PAC Vs Government
The past has shown that the Public Accounts Committee is often used to destabilise the political process. PAC reports destabilised several strong and powerful governments. Dhamija and Lauda unseated the government of Nepali Congress and Chase unseated CPN-UML coalition. If things go at the current pace, the A330 wide body deal is also likely to create problems for the two-thirds majority government led by K.P. Sharma Oli.
After the submission of the report by the Sub Committee of Public Accounts Committee on NAC Airbus deal, the government has formed a high-level probe commission. It is yet to tranquilise the situation.
With the pressure from ruling party, the Public Accounts Committee in the House of Representatives failed to endorse the report of its subcommittee on alleged irregularities in the purchase of two wide body aircraft for the national flag carrier, Nepal Airlines Corporation.
With the opposition from ruling party lawmakers, the committee failed to make any concrete decision. NCP members objected to the recommendations of action that the report suggested for Civil Aviation Minister Rabindra Adhikari.
Expressing suspicion that the report was politically biased, NCP lawmakers also demanded that the report be rewritten. However, there was a unanimous position that the deal was faulty and it led to an embezzlement of millions of rupees.
Following the indecision, PAC Chairman Bharat Kumar Shah adjourned the meeting. Lawmakers of the ruling Nepal Communist Party a few days earlier had expressed their dissatisfaction over the report of the subcommittee under the Public Accounts Committee of Parliament formed to investigate into alleged irregularities in the aircraft purchase.
The panel headed by Nepali Congress lawmaker Rajendra Kumar KC had submitted its report to the PAC, indicting incumbent Civil Aviation Minister Rabindra Adhikari and his predecessors Jitendra Narayan Dev and Jeevan Bahadur Shahi, among others, in the case.
However, speaking at the PAC meeting, the NCP lawmakers defended Adhikari’s role in the deal. Hridayesh Tripathi and Bishal Bhattarai said Adhikari might have released the final instalment of the payment as he did not have any other option after previous instalments were already paid. They also questioned why the panel recommended different actions for sitting and former ministers.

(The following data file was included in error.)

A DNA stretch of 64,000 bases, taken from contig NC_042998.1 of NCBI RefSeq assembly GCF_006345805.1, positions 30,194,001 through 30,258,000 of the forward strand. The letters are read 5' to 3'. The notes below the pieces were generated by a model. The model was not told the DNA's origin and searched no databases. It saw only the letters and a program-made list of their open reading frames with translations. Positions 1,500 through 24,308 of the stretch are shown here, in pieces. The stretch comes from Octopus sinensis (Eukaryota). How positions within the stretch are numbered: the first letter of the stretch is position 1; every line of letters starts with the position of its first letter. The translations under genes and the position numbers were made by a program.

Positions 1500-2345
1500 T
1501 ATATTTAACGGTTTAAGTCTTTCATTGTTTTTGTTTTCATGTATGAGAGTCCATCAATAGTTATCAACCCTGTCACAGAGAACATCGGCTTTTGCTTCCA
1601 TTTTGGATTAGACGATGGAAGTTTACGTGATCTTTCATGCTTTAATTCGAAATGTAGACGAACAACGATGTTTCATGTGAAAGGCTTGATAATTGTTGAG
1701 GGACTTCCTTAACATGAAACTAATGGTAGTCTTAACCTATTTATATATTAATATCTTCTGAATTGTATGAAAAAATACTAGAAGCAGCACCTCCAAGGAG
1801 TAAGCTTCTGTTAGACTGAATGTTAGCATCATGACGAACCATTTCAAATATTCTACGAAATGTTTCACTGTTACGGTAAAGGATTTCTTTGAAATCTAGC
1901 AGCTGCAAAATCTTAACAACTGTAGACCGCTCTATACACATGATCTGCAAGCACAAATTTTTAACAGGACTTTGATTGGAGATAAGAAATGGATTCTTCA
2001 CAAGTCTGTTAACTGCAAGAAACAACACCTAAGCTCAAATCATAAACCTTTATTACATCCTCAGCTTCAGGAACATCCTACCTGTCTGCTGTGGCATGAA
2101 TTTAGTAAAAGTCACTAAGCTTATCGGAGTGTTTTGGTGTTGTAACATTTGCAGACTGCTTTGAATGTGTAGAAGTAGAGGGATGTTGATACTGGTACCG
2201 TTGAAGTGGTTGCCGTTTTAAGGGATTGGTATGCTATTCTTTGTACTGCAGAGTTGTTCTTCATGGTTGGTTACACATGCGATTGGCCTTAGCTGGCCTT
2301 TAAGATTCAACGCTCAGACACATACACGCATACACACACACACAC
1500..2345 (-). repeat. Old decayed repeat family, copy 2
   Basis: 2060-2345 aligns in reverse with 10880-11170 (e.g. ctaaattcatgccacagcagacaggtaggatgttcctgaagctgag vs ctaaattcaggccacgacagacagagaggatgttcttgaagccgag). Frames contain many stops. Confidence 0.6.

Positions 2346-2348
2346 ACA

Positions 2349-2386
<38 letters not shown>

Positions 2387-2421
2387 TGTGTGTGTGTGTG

A subcommittee under the Public Accounts Committee of House of Representatives formed to investigate into alleged irregularities in the purchase of two wide-body aircraft for Nepal Airlines Corporation concluded that the state lost Rs 4.35 billion in the deal.
PAC members claimed that the subcommittee report does not prove minister Adhikari was involved in the scam.
The report also indicted Civil Aviation Secretary Krishna Prasad Devkota and his predecessors Shankar Prasad Adhikari and Prem Kumar Rai in the case. However, NAC Managing Director Sugat Ratna Kansakar has been identified as main person in the scam.
The sub-committee has pointed out 10 grounds to justify alleged irregularities in the multi-million dollar deal. Those include no Direct Deal With Airbus, Ill-Intended Terms And Conditions, Scaling Down Of Maximum Takeoff Weight (MTOW), ‘Fictitious’ Leasing Company, Changed MSNs, ‘Dramatic’ Insertion Of Escrow Agent, Violation Of Public Procurement Act, Wrong’ Estimation, Escalation In The Proposed Price and Pre-Inspection Junket.
Rejecting the recommendation and report of PAC sub-committee, the government formed a high level probe commission. Whatever the outcome of the commission and committee may be, the event has damaged national flag carrier and stopped its expansion.